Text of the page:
disease importation into their territory. In 1969 the ISR were renamed the InternationalHealthRegulations (IHR), and two diseases – relapsing fever and typhus – were removed as these two diseases no longer posed a challenge to high-income countries. In 1981 following the successful smallpox eradication
) the ‘no-harm’ principle; b) international disaster law; c) the InternationalHealthRegulations; d) international human rights law (‘ ihrl ’); and e) international humanitarian law (‘ ihl ’). In what follows, we outline the most relevant features of those regimes and demonstrate the extent to which
further below, this framework consists of a set of rules and principles that can be derived from the intertwined fields of international humanitarian law (IHL), human rights law (HRL) and medical ethics. Of further importance are the InternationalHealthRegulations from the World Health Organization (WHO
InternationalHealthRegulations (2005) Stefania Negri Associate Professor of International Law, University of Salerno, Italy Abstract The UNECE Protocol on Water and Health prioritises prevention and control of waterborne diseases in the European Region. In order to protect public health from water
is the World Health Organisation’s InternationalHealthRegulations, which are next discussed.
In 2005, in the wake of the sars epidemic, the World Health Organisation updated its InternationalHealthRegulations.
These Regulations address
useful; it was used only once, in 2015, in connection with the ebola outbreak. Possibly as a result, when the who used its quasi-legislative powers in 2005 and adopted a new set of InternationalHealthRegulations ( ihr )
under Articles 21 and 22 of the Constitution,
it created a novel
World Health Organization ( who ) and the InternationalHealthRegulations most recently revised in 2005 ( ihr 2005).
who alerted member states at the beginning of 2020 upon receiving a notification from China under Article 6 of the ihr 2005 about the local spread in Wuhan of atypical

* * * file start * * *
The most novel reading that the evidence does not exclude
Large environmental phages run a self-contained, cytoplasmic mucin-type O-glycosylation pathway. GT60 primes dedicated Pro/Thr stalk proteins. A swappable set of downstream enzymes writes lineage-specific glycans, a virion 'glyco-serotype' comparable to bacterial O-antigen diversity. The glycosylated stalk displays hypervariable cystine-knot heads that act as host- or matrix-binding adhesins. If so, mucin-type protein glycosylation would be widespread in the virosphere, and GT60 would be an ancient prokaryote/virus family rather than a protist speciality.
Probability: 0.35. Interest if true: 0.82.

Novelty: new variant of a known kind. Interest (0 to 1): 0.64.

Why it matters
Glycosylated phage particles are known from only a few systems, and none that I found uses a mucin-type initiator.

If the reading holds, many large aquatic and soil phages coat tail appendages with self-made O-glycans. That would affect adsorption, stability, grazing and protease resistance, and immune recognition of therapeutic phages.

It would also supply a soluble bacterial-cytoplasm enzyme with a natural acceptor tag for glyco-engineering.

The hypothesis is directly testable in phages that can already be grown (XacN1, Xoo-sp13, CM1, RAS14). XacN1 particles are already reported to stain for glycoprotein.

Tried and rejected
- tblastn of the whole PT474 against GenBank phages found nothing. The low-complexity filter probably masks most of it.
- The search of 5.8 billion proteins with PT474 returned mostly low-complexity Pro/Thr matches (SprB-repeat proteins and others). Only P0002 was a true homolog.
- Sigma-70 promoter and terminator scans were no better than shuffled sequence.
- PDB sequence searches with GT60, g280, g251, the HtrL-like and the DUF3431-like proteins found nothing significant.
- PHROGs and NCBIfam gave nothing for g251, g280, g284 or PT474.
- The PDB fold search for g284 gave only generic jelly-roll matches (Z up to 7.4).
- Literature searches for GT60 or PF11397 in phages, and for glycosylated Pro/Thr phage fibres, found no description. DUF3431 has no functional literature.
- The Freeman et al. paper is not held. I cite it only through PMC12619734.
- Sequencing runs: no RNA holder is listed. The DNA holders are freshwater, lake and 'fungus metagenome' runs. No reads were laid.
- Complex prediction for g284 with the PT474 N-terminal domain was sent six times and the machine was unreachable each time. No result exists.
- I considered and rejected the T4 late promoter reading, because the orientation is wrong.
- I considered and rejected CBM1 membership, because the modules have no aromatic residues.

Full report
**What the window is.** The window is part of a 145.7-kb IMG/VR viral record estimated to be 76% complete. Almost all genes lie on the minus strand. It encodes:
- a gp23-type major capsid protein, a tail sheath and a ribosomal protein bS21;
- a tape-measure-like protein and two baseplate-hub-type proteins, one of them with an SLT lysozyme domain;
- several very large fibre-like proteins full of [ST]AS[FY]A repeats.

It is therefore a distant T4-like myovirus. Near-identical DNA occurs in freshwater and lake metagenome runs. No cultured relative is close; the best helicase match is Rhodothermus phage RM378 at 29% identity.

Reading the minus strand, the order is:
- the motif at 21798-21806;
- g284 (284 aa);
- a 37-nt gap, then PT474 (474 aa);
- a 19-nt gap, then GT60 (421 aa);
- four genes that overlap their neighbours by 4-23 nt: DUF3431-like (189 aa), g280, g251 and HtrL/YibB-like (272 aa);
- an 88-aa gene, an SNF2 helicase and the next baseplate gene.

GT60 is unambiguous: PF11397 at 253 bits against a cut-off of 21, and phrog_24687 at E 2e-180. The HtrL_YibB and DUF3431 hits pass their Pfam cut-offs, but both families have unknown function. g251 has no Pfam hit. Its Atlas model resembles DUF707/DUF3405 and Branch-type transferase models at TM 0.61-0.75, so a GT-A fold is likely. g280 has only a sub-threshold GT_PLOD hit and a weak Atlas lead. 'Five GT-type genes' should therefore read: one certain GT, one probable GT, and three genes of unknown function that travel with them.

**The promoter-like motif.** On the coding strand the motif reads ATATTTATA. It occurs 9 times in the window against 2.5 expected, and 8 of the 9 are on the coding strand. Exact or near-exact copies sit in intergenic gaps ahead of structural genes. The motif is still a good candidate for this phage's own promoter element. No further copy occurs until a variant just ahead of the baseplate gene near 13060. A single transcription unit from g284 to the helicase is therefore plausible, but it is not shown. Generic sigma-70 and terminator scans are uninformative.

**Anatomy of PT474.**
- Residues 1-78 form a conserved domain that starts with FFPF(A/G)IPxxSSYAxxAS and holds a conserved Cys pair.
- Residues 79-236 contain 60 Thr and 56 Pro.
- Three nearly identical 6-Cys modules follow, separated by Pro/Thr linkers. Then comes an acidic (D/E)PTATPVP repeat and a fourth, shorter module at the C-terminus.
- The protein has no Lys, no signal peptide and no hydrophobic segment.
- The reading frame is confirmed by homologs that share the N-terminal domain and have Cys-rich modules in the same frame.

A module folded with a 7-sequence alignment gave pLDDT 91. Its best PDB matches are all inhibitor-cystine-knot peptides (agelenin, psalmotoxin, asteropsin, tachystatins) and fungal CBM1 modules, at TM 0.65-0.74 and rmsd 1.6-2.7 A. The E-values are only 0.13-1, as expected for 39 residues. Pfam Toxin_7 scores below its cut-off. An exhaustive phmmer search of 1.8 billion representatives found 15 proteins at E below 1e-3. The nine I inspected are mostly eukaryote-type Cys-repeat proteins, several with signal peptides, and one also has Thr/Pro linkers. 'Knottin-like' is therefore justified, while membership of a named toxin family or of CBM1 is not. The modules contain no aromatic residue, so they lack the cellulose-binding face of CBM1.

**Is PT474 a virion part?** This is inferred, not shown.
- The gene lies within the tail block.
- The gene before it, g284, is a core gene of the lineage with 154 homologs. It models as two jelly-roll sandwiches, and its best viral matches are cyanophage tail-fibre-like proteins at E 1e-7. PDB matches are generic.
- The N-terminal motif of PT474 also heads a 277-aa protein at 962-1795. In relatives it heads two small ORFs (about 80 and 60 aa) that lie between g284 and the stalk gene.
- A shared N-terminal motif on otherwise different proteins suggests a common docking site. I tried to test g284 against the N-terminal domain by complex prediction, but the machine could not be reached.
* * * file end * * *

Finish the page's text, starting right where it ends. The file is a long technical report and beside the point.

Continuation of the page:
The World Health Organization (who) was established in 1946 as a specialized agency of the United Nations (un). Since its establishment, the who has managed outbreaks of infectious diseases from a regulatory, as well as an operational perspective. The adoption of the International Health Regulations (ihrs) has been an important achievement from the former perspective. When the Ebola epidemic intensified in 2014, the who Director General issued temporary recommendations under the ihrs in order to reduce the spread of the disease and minimize cross-border barriers to international trade. The un Secretary General and then the Security Council and the General Assembly have also taken action against the Ebola epidemic. In particular, the Security Council adopted a resolution under Chapter vii of the un Charter, and thus connected the maintenance of the international peace and security to the health and social emergency. After dealing with the role of the who as a guide and coordinator of the reaction to epidemics, this article shows how the action by the Security Council against the Ebola epidemic impacts on the who ‘authority’ for the protection of health.
framework to manage biosecurity risks, including the risk of contagion of a listed human disease, the risk of listed human diseases entering Australia, ballast water, biosecurity and human biosecurity emergencies; implementing the InternationalHealthRegulations 2005, the World Health Organization